A year ago, the phrase ‘reasonable adjustment’ meant very little to me. Now though, it is a crucial aspect of life with an autistic son, for all sorts of reasons.
I think I first saw it in the Special Educational Needs Code of Practice. There it is in black and white, as part of the fundamental principle that, ‘children with SEN should be offered full access to a broad, balanced and relevant education’. It’s a simple but important aim: all children deserve the same access to education, and in some cases adjustments have to be made to ensure this is the case.
The catalyst for thinking about all this was our six month review with the school. A couple of weeks ago I took a rather negative view of my son’s progress following parent’s evening. In retrospect, I think I let my judgement be clouded by my emotions. I don’t regret what I wrote- it came from the heart and was my honest response to the situation. Nonetheless, I let my feelings get in the way of being able to see things for what they were. Instead of celebrating B’s success, I let the things he can’t do cloud my judgement. It was my ‘not waving but drowning’ moment. I let autism beat me.
Thankfully, that did not happen with his six month review meeting at school. Perhaps the shorter parent’s evening appointment the week before was a useful and important step towards getting past negative feelings. Having adjusted to the right mind-set, we were able to celebrate B’s progress. He’s doing well, and I have to say that the school is doing a good job in supporting my son. We did, though, have a couple of awkward requests- requests that challenged the school’s SEN policy of ‘reasonable adjustment’.
The first was that B be allowed to drink not water, but squash or juice in class. The school has a strict policy over this and has clearly had no end of problems over it with parents. As a result they have a rather hard-line, zero tolerance policy. I support this policy. I applaud their encouragement of a healthy lifestyle and, under normal circumstances, would insist my child adhere to it. B, however, will not drink water. That’s ‘will not’ as in an autistic, steadfast, unwavering refusal. Autism parents will know what I mean when I say this. As a result, B is going thirsty throughout the day. Not only that, but it is not helping his progress with toilet training. The school nurse says that having a full bladder will help him learn to control his need to go. He needs to be drinking lots in class.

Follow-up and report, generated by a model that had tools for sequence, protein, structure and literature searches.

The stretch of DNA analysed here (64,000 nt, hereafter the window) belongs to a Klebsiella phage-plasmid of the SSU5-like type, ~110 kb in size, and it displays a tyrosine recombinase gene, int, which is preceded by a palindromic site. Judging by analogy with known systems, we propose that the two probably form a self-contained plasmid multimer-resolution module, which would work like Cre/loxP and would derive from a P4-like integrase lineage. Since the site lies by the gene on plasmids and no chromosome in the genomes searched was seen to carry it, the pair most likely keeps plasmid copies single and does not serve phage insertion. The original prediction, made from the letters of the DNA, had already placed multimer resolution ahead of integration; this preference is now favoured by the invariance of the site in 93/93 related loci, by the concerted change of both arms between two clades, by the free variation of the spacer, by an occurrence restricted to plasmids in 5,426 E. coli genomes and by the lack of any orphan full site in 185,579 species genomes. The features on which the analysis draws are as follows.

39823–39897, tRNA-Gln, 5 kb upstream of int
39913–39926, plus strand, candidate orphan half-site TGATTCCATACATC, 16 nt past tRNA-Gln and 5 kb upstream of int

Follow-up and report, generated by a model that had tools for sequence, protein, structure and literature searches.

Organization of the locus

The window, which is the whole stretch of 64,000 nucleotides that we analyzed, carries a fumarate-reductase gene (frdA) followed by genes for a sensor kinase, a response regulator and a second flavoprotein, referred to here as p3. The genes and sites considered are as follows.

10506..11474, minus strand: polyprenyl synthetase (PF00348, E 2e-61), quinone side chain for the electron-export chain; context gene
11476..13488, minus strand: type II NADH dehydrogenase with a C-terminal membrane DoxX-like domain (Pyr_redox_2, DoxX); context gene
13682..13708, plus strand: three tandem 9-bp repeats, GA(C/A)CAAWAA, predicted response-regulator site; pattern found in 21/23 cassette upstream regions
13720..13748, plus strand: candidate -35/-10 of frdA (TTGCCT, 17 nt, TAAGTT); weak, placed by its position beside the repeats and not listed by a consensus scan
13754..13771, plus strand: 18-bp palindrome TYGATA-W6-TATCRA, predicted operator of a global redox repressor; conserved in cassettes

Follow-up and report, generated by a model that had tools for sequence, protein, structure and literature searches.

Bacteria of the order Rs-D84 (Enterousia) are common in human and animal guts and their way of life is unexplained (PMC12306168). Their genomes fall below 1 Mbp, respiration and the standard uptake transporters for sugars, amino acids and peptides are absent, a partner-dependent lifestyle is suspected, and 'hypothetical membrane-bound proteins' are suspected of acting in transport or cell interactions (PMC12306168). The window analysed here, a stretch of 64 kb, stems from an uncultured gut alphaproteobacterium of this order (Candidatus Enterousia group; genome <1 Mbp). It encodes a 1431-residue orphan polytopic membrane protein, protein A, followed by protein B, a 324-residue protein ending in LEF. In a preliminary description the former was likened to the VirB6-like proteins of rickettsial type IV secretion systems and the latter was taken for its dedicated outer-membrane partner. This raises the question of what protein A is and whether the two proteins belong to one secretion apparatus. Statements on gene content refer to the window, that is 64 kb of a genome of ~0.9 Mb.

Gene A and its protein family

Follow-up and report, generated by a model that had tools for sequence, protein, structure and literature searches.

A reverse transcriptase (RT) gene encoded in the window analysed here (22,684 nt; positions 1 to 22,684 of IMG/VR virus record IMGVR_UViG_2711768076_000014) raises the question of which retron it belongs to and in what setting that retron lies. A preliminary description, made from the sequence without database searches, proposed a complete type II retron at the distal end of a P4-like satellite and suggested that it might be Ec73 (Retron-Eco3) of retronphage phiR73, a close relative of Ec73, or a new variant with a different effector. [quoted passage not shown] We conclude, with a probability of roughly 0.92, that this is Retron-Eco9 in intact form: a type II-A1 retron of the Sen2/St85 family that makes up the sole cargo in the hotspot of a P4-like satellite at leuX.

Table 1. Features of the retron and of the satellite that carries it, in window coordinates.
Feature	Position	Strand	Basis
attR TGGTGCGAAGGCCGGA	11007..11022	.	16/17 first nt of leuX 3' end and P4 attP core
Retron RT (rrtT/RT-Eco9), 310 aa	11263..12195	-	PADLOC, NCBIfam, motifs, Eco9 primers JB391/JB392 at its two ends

Awkward glances were shared around the room when we suggested an exception to the water rule be made for B. ‘The problem is’, said the SENCO, ‘that parents will complain’. At this point my wife, demonstrating superhuman restraint, simply said, ‘send them to talk to me if they have a problem. Let them walk a mile in my shoes and see what it is like’. I urged the school to take note of their policy of reasonable adjustment and to make this concession as part of my son’s additional needs. To me it is completely straightforward my son needs juice, so let him have bloody juice. The school said they would take the matter to the head teacher for consideration.
Our second request was slightly more contentious. We raised the issue of B attending breakfast club. This is a paid for early morning service for, presumably, parents who have to drop their kids off before the school bell rings. Our eldest son attended before my wife changed her hours of work. She changed them because the idea of B being sent to breakfast club did not seem to be an option. B’s hours of support run from the moment school starts until the moment school ends. That includes break times and lunchtimes- something we were very keen to stress in the statementing process. B’s needs are not just educational, and as a result he really does need supervision at all times. His funding does not cover wrap around, out of hours support. Breakfast club was not an option for this reason.
Now though, our circumstances have changed. B’s mum could be forced to change her hours of work (or face losing her job) and we may be forced to consider breakfast club in the absence of any other options. We don’t want him to go any more than we did before, but we may have no choice. It would make his day longer, which is far from ideal, but that is the situation we face.
Cue more awkward glances around the table. I can understand the school’s reluctance. Providing for B during school hours is one thing- it’s paid for- but this is a different matter. Without doubt, one to one supervision would be required, and that would cost money. Without supervision B would flounder and possibly even be unsafe. He’d certainly be a handful, unable to cope with the unstructured play that characterises breakfast club.
But can they refuse? To be honest, I have no idea where we stand with this. I know the school want to help and will go the extra mile to do so, but is this further than an extra mile? Does this go beyond reasonable adjustment? Or are they duty bound to honour their policy of inclusion, even though, strictly speaking, this is out of school hours?
It will be interesting to see what they say. I hope that, on both counts, they are able to accommodate B’s needs. Juicegate (‘Watergate’ was taken) is a battle I think it will be hard for them to defend, but the breakfast club issue… I’m just not sure. What do readers out there think? Am I asking too much? Am I asking for unreasonable adjustment?
More on this matter next week.